the movie "The Year of Living Dangerously" the little
guy Billy Kwan, brilliantly played by Linda Lee, gives a news reporter
Guy Hamilton, played by Mel Gibson, a talk about Indonesian puppets
- the kind on sticks, which you can now sometime find in import
shops in this country. The figures as shown are shadows from behind
a screen. What you, see - thousands of protestors in the streets,
police repression, official statements and the like - the guide
explains, is the image; what is really going on behind the screen
you cannot see. "Look at the shadows, not at the puppet,"
Kwan tells Hamilton.
At the time of this writing former Iranian President Ali Akbar Hashemi
Rafsanjani, an opponent of officially-reelected President Mahmoud
Ahmadinejad is holed up in the religious center of Qum. Speculation
is that he is contemplating his next move as members of his family
including his daughter, Faezeh Hashemi are arrested held for several
hours and then released. What's that all about? Who knows?
It's one many mysteries inside mysteries made more illusory
by the regime's near complete media ban instituted while the police
and militia thugs beat and murder supporters of officially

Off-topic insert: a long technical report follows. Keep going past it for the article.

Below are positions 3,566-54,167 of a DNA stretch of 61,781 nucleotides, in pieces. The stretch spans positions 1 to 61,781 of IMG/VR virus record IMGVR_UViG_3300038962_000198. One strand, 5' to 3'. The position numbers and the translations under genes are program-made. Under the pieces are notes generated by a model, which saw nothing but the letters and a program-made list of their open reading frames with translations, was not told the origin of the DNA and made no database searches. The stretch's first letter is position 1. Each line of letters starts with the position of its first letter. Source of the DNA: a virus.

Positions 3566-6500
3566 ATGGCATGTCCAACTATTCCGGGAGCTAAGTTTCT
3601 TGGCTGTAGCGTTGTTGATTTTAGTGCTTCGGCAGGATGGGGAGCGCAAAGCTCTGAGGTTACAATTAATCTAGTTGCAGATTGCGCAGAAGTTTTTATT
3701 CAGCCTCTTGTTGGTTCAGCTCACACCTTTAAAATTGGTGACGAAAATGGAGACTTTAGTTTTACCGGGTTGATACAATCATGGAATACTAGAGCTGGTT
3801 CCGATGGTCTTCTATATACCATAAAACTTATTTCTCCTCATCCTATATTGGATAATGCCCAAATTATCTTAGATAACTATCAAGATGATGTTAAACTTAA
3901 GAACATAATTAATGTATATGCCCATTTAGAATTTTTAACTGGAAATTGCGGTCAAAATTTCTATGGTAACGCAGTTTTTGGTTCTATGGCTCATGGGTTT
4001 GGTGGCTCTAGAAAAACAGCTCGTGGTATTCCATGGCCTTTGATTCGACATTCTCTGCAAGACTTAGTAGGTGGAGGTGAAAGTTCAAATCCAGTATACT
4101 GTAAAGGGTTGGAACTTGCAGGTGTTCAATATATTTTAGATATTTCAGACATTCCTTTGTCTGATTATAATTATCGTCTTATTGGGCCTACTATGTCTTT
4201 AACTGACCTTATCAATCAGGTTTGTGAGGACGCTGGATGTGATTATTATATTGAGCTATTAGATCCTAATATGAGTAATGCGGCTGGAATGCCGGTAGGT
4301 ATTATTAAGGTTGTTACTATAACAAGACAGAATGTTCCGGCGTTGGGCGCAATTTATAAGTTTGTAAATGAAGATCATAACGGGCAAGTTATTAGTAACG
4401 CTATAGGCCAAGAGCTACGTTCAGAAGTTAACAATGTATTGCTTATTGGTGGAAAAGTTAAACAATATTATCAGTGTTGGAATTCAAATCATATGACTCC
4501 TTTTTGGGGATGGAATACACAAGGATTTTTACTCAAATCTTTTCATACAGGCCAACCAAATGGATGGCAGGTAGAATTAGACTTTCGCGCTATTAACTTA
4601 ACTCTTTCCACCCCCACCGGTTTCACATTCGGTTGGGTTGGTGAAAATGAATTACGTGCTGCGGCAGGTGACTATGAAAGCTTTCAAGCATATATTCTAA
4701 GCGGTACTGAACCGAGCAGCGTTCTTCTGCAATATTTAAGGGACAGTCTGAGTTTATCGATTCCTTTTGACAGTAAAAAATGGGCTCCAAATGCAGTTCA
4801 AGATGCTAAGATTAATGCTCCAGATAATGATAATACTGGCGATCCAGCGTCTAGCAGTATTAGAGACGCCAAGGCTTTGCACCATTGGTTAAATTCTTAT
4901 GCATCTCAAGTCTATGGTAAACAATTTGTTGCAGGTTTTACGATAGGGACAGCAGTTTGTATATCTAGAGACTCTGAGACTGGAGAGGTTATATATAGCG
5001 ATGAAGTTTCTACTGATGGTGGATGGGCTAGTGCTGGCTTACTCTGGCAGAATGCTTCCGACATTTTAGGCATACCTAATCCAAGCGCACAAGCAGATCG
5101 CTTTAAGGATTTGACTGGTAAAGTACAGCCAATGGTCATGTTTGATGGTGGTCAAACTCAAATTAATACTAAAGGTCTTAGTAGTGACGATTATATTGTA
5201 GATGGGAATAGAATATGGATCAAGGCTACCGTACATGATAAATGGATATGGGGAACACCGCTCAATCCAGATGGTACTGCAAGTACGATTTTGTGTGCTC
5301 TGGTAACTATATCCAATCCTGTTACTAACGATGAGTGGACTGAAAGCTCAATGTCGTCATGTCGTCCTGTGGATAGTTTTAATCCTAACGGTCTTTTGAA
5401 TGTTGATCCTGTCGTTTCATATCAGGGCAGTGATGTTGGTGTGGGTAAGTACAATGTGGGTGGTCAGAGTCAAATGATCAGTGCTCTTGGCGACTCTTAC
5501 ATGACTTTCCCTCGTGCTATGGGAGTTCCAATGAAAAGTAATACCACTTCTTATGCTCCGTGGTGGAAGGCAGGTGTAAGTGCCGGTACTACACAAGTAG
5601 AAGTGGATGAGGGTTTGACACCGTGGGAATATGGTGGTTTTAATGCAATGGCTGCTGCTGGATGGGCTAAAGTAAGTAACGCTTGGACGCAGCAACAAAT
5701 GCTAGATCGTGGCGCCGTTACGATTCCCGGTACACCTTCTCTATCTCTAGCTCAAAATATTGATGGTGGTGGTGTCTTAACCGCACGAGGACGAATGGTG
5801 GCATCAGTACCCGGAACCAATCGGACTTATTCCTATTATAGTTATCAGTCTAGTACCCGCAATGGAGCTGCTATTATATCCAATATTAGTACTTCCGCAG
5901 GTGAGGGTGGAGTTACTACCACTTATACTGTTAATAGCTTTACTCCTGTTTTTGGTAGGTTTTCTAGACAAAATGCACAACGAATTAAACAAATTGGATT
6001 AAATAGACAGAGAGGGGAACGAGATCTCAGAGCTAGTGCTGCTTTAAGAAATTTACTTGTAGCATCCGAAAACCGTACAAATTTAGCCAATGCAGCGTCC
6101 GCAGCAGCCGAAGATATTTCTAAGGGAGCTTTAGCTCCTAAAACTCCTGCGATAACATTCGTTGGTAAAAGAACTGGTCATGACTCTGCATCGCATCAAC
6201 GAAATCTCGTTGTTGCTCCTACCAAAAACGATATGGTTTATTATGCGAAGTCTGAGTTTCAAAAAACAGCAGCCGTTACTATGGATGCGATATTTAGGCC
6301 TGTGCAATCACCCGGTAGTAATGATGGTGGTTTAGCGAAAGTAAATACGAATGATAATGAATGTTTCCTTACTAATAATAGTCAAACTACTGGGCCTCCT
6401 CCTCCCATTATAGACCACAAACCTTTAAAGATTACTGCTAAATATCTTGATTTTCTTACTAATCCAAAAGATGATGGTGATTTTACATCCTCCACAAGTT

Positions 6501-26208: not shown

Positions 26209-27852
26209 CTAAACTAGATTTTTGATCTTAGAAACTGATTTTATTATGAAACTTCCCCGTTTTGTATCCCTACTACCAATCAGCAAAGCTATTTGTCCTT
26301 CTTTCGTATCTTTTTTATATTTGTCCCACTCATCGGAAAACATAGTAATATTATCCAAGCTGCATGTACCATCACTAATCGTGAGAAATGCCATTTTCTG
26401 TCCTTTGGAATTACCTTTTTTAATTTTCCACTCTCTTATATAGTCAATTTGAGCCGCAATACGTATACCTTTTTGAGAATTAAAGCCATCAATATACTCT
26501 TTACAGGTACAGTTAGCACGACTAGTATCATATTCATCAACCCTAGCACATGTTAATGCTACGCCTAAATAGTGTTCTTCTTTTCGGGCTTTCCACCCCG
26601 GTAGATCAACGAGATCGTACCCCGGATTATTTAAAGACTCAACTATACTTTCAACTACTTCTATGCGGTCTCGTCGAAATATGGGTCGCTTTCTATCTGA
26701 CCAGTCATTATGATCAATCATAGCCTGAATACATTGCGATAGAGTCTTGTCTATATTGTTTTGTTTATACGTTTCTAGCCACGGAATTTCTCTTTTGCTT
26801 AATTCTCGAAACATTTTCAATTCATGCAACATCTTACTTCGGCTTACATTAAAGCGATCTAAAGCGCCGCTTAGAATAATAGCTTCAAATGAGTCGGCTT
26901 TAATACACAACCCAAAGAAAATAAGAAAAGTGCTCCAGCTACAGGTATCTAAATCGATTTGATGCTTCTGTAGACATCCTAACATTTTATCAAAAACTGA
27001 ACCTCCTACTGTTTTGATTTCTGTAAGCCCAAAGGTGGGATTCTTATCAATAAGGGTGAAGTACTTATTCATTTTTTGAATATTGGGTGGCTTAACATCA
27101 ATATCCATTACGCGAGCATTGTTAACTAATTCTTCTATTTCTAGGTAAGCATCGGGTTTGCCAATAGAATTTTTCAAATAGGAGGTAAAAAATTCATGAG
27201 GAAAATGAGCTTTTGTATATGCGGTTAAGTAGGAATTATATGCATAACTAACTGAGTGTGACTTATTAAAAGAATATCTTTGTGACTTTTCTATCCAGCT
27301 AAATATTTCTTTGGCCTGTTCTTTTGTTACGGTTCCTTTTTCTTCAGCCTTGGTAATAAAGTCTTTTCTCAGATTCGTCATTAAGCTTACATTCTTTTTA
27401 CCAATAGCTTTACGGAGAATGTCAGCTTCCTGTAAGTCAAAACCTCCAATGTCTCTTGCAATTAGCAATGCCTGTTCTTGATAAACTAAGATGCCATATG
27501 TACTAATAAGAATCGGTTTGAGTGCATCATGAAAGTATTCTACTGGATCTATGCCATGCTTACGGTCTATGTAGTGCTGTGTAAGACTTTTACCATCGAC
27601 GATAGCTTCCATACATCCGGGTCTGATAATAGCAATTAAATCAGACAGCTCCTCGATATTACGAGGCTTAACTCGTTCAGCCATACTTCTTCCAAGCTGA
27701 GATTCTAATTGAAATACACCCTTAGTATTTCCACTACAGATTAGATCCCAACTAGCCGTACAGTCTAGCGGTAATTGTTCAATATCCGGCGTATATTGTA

defeated opposition presidential candidate Mir Hussein Mousavi.
As much as what is being played out behind and in front of the screen
is reminiscent of the screen in Jakarta in 1956, it also harkens
to other recent times in Iran itself. In the summer of 1981, after
the fall of the U.S. backed Shah, the new president Bani-Sadr, who
had been elected with 75 percent of the vote, was driven from office
as ultra-religious militia surrounded his office and shouted "Death
to the Second Shah."
Bani-Sadr had accompanied revolutionary leader Ayatollah Ruhollah
Khomeini home from his Parisian exile in 1979 and was elected president
today lives in exile in Paris where in an interview last week he
told Reuters, "This movement shows that the people want democracy
and the regime isn't democratic, so the movement won't stop. It